cover image The Naked Consumer: How Our Private Lives Become Public Commodities

The Naked Consumer: How Our Private Lives Become Public Commodities

Erik Larson. Henry Holt & Company, $23 (275pp) ISBN 978-0-8050-1755-7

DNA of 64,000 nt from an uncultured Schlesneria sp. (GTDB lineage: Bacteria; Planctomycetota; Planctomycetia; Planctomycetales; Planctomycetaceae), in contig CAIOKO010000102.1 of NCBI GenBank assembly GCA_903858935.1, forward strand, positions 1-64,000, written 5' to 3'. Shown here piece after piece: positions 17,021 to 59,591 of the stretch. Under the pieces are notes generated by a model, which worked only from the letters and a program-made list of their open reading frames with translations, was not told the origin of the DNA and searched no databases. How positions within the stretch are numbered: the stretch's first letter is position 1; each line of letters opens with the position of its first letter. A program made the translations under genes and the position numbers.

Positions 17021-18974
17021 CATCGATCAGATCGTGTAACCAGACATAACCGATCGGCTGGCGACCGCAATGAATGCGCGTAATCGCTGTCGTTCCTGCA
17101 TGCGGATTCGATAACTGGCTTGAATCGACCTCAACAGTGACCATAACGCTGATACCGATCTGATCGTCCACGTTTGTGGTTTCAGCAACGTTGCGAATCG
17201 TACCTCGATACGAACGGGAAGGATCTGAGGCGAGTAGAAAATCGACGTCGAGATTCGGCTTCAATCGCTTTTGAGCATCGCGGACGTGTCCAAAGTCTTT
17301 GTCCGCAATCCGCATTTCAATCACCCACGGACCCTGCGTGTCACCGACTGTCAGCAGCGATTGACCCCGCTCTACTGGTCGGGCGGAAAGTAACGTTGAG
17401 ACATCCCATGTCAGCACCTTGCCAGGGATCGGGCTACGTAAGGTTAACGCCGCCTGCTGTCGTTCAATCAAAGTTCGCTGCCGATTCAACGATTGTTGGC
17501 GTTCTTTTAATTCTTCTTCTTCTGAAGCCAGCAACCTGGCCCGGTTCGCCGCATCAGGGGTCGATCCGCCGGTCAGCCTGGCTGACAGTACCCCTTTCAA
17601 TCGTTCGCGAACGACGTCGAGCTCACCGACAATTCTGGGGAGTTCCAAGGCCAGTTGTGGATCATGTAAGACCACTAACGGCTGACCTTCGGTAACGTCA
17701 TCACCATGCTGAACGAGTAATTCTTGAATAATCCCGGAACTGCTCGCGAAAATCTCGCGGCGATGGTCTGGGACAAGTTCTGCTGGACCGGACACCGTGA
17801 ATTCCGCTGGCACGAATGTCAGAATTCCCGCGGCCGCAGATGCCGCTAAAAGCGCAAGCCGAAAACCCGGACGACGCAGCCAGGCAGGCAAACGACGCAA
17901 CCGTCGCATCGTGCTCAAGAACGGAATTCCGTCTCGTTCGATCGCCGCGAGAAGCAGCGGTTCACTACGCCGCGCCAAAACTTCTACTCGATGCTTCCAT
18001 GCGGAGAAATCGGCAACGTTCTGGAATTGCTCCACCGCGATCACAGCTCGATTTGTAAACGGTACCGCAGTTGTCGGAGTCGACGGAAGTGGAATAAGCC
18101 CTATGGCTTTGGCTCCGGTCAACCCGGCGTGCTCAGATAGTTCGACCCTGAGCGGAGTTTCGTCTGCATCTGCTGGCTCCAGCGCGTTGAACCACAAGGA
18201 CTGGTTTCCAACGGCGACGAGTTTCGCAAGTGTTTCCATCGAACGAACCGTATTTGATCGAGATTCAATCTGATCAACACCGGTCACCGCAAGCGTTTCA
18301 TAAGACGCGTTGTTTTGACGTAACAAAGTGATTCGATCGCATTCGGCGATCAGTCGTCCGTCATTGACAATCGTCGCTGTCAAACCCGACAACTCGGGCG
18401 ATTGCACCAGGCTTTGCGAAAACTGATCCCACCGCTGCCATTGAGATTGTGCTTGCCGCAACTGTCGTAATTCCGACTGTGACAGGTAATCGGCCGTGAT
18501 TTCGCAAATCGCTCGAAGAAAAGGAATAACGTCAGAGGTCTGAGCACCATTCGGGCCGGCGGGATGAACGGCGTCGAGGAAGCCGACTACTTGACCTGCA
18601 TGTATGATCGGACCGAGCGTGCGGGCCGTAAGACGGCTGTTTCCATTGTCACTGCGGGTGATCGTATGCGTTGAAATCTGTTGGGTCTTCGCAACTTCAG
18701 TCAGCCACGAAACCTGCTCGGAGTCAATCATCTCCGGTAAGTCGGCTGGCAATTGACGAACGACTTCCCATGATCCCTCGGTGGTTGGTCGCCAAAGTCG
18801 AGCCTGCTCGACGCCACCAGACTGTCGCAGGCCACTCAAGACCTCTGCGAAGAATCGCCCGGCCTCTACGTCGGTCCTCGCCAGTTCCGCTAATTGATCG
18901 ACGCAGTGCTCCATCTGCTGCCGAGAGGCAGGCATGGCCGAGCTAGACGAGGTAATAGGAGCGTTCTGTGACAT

Consumer espionage, practiced on virtually every American, is one of the nation's most powerful industries, contends former Wall Street Journal journalist Larson in this alarming and compelling expose. According to him, Nielsen nightly ratings alone determine a $10 billion share of the total of $238.7 billion spent in 1990 by U.S. companies on all forms of promotion. Instead of concentrating on offering better goods and services, he charges, companies develop invasive marketing and motivation research to manipulate our needs, values and shopping habits.'' Using data from the Census Bureau, postal and telephone services, banks, hospitals, legal deeds, and political and direct mail lists of all kinds, along with human and electronic spies, marketing experts create psychographics of individuals and groups, which reveal intimate, personal details about ethnicity, past and present income, credit, health, family status and ways of life. This information then serves as the indispensable basis for insidious commercial appeals that exploit consumers' fears, vanity and greed. To avoid critical erosion of our civil liberties, Larson contends, we must control information technology through legislation. (Oct.)